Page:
I immediately run to the cardiologist again. She already had congestive heart failure, and she was two years old. She had had her litter of kittens just a few months before, and never, never had any signed of HCM.
She was put under atenolol, furosemide, spironolattone. I tried to help her with hawthorn, olive, capsicum and Coenzime Q10, taurine, rosemary tea. She looked much better, and started her normal life again.
The Death of Purrdy
On 2nd January 2006 I found Purrdy cold, eyes black, his paws upwards, lying on his back. I started to massage him, and run to the vet. Unbelievably, he came back to life. The cardiologist said he was in apnea, so he gave him more Fortekor.
At the end of January, his hind legs started to fail. They started rapidly to become cold. He was terrorized: his eyes were black, he started to cry loudly, and tried to run, but couldn't. His voice increased quickly, became a terrible, unbearable yelling that was heard by all neighbours, who asked what was happening being so horrible! I called the vet, was unable to speak, at the end he said he was coming immediately. Unfortunately, he was far from our home. Purrdy started literally to fly from the sofa to the table. He banged his head so hard I thought he split it in two. He broke his ribs against the table legs, he chewed his tongue into peaces. He tried to kill himself, to get away from the terrible pain.
My sister went to pick up the vet, and the only cat who stayed in the room was Émile, looking at Purrdy, because Émile has always been so special taking care of all dying cats. Osiris was banging on the door so strongly I thought she would smash it, and shouting to help her fiancé.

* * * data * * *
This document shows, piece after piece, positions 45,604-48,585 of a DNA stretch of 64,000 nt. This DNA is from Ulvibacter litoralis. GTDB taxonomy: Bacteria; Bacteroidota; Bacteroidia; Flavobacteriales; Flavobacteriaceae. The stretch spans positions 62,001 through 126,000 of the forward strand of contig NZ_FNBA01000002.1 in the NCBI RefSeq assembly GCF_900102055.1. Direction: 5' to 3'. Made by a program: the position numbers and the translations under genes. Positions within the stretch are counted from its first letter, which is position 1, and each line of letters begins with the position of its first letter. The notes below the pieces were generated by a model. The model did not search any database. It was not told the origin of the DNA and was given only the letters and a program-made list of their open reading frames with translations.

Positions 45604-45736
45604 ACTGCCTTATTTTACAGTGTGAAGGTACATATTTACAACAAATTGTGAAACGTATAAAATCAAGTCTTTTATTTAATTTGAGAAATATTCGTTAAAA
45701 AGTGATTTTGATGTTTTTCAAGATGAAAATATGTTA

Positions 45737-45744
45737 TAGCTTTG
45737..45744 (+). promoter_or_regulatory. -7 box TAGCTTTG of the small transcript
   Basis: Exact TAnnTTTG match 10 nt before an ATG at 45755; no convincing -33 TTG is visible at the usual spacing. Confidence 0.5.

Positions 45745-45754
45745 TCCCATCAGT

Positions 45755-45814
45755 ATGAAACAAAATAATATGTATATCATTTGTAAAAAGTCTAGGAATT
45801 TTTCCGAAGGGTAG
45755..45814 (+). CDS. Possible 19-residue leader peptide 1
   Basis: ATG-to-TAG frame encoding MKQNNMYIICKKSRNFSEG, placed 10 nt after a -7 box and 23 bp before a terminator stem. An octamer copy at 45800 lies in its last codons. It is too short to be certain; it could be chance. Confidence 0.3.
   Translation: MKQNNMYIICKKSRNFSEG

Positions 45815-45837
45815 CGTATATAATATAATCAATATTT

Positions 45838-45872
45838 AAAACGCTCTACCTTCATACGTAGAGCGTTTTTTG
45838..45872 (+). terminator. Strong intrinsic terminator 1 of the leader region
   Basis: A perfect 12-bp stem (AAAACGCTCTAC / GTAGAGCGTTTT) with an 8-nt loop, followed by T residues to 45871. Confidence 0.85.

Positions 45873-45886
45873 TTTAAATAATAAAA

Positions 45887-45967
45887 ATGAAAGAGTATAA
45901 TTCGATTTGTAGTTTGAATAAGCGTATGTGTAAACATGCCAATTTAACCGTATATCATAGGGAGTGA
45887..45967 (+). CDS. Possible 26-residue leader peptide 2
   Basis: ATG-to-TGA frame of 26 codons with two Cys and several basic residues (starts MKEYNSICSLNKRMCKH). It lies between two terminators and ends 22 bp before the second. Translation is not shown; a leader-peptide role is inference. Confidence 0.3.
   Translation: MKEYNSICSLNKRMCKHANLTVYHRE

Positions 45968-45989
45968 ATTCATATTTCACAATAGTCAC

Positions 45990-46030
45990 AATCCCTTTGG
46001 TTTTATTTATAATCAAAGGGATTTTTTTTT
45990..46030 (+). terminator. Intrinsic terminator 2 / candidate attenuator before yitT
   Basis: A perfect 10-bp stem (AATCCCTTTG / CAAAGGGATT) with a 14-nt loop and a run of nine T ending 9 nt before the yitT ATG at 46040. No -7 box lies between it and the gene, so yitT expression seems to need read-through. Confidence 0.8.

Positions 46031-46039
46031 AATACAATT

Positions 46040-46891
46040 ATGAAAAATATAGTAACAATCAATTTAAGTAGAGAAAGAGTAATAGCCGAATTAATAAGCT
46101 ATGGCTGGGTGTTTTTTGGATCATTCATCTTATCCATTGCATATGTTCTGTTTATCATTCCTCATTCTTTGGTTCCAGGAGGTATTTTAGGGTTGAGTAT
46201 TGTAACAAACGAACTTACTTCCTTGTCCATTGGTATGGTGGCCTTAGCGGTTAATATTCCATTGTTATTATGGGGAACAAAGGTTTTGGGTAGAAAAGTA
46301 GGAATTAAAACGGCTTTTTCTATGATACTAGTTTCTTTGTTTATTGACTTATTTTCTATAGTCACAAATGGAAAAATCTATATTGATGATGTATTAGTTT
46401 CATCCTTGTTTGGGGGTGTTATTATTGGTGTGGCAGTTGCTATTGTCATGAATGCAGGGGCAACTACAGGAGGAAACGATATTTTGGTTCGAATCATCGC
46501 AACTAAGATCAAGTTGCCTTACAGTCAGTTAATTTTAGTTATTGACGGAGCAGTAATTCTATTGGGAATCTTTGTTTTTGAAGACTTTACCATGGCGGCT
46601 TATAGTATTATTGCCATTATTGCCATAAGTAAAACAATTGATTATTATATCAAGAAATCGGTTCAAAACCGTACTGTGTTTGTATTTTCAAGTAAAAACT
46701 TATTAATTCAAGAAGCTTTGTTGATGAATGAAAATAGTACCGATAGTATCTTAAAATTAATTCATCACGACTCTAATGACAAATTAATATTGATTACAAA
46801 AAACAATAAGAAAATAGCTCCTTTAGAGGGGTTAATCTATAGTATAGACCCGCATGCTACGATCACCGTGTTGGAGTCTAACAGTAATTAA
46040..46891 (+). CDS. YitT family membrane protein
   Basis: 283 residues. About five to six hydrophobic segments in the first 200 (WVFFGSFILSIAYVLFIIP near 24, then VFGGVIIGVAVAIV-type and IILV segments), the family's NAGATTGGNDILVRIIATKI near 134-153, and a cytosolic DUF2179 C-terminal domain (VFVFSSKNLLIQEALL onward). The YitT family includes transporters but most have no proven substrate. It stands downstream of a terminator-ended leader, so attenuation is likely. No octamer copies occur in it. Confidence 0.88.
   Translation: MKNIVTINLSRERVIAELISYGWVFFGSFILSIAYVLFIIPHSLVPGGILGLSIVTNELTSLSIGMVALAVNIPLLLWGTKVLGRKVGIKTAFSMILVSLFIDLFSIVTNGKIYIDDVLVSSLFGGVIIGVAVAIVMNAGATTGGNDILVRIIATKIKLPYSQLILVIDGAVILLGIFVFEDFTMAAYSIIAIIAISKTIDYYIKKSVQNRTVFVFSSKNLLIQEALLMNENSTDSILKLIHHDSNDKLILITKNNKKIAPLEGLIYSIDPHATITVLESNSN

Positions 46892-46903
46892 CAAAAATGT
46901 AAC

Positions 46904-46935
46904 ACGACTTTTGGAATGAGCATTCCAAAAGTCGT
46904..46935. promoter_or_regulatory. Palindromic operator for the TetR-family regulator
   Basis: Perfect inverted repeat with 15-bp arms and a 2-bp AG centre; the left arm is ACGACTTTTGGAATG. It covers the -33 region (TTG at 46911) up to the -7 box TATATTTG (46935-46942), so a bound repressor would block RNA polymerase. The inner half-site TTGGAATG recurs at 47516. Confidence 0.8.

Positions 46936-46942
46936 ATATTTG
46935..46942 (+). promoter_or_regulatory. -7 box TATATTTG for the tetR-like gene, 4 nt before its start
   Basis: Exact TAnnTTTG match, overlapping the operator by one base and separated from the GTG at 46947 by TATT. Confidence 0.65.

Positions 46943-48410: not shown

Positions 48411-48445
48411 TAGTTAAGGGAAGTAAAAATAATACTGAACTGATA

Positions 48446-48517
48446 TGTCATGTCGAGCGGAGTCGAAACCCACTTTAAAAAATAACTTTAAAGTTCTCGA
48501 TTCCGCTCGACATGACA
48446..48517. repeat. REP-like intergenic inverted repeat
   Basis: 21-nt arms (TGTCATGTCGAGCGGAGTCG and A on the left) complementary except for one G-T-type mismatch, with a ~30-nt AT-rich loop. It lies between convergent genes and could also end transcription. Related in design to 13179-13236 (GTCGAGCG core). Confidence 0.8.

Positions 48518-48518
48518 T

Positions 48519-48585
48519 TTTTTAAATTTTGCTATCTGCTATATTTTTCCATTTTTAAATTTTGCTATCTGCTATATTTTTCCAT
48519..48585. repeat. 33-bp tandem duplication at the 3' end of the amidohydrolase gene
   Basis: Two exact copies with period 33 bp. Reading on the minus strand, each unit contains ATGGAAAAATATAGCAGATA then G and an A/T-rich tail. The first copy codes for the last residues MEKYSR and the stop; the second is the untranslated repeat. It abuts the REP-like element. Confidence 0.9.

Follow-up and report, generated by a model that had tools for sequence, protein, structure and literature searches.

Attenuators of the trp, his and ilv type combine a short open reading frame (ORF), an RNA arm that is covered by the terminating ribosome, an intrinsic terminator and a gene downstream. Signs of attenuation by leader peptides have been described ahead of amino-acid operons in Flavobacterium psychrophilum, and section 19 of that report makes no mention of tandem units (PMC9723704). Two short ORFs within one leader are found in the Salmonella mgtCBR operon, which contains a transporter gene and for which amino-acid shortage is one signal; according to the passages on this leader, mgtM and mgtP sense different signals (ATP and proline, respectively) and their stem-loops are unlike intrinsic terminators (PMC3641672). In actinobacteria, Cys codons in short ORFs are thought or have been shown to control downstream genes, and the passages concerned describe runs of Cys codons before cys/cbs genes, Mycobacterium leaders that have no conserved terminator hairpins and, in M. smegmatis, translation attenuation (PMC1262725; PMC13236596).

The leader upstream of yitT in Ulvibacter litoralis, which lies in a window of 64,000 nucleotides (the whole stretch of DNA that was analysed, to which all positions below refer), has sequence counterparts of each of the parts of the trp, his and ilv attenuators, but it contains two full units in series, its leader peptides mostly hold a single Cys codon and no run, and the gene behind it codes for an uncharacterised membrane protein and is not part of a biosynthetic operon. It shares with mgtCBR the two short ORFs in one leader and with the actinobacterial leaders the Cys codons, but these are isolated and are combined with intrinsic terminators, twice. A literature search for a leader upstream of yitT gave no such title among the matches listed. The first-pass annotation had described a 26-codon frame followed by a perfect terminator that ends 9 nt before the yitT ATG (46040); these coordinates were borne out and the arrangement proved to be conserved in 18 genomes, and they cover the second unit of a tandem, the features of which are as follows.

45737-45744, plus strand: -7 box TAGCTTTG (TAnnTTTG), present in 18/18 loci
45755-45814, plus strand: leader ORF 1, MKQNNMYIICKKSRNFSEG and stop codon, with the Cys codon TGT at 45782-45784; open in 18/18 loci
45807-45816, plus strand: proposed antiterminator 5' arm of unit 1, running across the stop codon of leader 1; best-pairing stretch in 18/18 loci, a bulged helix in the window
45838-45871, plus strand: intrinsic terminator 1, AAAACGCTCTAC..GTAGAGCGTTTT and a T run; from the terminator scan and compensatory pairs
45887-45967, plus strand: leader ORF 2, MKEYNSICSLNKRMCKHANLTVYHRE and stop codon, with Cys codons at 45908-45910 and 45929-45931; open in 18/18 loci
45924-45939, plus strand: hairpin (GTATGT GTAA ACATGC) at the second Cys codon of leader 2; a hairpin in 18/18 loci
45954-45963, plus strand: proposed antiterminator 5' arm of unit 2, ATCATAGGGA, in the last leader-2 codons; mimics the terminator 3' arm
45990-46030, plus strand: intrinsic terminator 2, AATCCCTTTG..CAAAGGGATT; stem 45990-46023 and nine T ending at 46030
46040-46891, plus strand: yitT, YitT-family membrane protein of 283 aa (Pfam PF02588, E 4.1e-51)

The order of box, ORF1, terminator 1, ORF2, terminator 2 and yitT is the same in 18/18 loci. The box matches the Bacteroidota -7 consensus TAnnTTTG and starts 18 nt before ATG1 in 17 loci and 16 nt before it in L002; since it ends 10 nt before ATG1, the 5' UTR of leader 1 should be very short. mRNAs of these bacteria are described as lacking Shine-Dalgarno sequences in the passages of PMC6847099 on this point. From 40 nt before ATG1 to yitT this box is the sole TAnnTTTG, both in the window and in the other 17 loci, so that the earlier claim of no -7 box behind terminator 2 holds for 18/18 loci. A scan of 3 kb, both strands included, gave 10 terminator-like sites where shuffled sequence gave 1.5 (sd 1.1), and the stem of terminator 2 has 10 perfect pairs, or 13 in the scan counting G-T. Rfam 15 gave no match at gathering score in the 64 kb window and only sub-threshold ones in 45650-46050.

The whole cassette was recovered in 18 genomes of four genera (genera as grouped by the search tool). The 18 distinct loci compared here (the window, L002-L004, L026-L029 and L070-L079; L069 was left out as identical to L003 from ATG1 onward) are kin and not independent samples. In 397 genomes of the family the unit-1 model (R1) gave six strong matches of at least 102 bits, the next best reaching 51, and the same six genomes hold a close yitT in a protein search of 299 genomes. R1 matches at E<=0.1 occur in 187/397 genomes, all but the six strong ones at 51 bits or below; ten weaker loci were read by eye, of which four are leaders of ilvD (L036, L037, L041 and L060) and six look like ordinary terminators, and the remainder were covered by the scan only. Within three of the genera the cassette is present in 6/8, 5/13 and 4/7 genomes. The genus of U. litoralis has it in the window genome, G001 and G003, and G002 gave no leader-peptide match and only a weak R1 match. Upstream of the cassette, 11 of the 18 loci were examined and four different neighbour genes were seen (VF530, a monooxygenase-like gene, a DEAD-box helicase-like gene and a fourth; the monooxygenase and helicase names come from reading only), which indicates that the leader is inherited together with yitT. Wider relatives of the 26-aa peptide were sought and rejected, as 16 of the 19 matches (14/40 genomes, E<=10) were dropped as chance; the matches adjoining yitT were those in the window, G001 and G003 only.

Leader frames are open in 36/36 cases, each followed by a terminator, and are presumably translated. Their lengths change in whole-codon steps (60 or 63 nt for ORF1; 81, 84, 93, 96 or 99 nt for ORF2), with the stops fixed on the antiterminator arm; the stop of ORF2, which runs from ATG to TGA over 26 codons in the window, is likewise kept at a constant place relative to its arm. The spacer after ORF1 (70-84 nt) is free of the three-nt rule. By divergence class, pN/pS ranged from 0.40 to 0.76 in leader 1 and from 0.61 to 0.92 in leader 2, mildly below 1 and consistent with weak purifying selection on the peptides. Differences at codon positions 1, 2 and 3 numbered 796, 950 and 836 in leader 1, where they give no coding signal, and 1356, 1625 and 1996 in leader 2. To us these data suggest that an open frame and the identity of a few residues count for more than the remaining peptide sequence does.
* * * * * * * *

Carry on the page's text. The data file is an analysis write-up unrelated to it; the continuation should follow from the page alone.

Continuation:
Purrdy was a poor bleeding, broken body when the vet arrived. He was still alive, and shouting. The vet was so moved he could barely breathe. I think that if someone had stabbed me in my back, I wouldn't have realized. An injection for 30 kgs of anesthetic was useless, because of his circulation blocked by the aortic thrombosis, caused by a blood clot. So he had to inject him directly in his heart. Purrdy coughed, I caressed his head, he bit my hand. When he realized what he had done, he licked it. We looked into each other's eyes, and he died.
One month later, I heard someone crying in the same way. I run like hell: it was Rosi. Rosi, my little guardian angel, my wonderful fairy, lying on the floor. I just fell on my knees crying, holding her desperately, no, no, Rosi, no! But her eyes were black, she was alive but was paralized. Her brain ischemia, due to a blood clot, put an end to her life. She wasn't two years and a half.